The Last Analysis

Photographs of Alan Richards Moritz with skeleton, circa 1946.

Photograph of Alan Richards Moritz, circa 1946

From the Records of the Department of Legal Medicine

Although its history appears to argue for a failed enterprise and few vestiges of it survive nearly fifty years after its dissolution, Harvard's Department of Legal Medicine was not without influence and importance.  One of the most eloquent testimonials to its work and developments appears in a 1981 tribute to Alan R. Moritz which was published by Lester Adelson in The American Journal of Forensic Medicine and Pathology.

Up to the time that Dr. Moritz organized the Department of Legal Medicine (as forensic pathology was then called) at Harvard Medical School in the latter part of the 1930s, the medical aspects and laboratory study of sudden, unexpected, suspicious, and violent deaths in the United States had not even remotely approached, let alone achieved, the academic status and degree of scholarly recognition that they had enjoyed in Europe for many, many years…. It failed to attract a meaningful number of student-trainees, its potentialities were relatively unexplored and unexploited, and its numerous challenges were either ignored or misunderstood.  With the institution of formal and informal teaching programs in legal medicine and medical jurisprudence, spearheaded by the Department of Legal Medicine at Harvard Medical School… legal medicine took a giant step forward out of the twilight zone it had previously inhabited and emerged as a professional discipline worthy of its own sense of self-respect…. It is worth noting that Dr. Moritz established an intimate working relationship between the Department of Legal Medicine … and the Department of Public Safety of the Commonwealth of Massachusetts, thus putting the formidable intellectual, scholarly, and laboratory resources of the former at the disposal of those responsible for investigating threats to the well-being of society…. It is fair to say that we American forensic pathologists of the 1980s (the "medicolegal pathologists" of the 1940s) are indeed long-term beneficiaries of the time, effort, endless devotion, and faith of Dr. Moritz for these invaluable contributions and for so many other meaningful illuminations of our spheres of personal and professional activities and responsibilities.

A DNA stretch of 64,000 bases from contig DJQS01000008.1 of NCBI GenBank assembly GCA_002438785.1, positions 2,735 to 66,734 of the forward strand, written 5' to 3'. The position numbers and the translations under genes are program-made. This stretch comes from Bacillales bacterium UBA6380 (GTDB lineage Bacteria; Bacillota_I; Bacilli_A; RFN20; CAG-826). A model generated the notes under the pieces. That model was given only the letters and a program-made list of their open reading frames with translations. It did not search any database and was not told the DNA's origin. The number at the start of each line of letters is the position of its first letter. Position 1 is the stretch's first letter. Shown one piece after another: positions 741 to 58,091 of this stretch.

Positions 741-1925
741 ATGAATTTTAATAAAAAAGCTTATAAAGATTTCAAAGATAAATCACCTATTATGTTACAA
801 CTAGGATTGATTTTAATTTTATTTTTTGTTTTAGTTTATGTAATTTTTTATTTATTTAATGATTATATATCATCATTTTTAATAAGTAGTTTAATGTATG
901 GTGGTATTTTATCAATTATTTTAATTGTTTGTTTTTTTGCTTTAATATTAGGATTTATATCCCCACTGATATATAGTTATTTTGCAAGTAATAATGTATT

The Ad Hoc Committee Report
The Last Analysis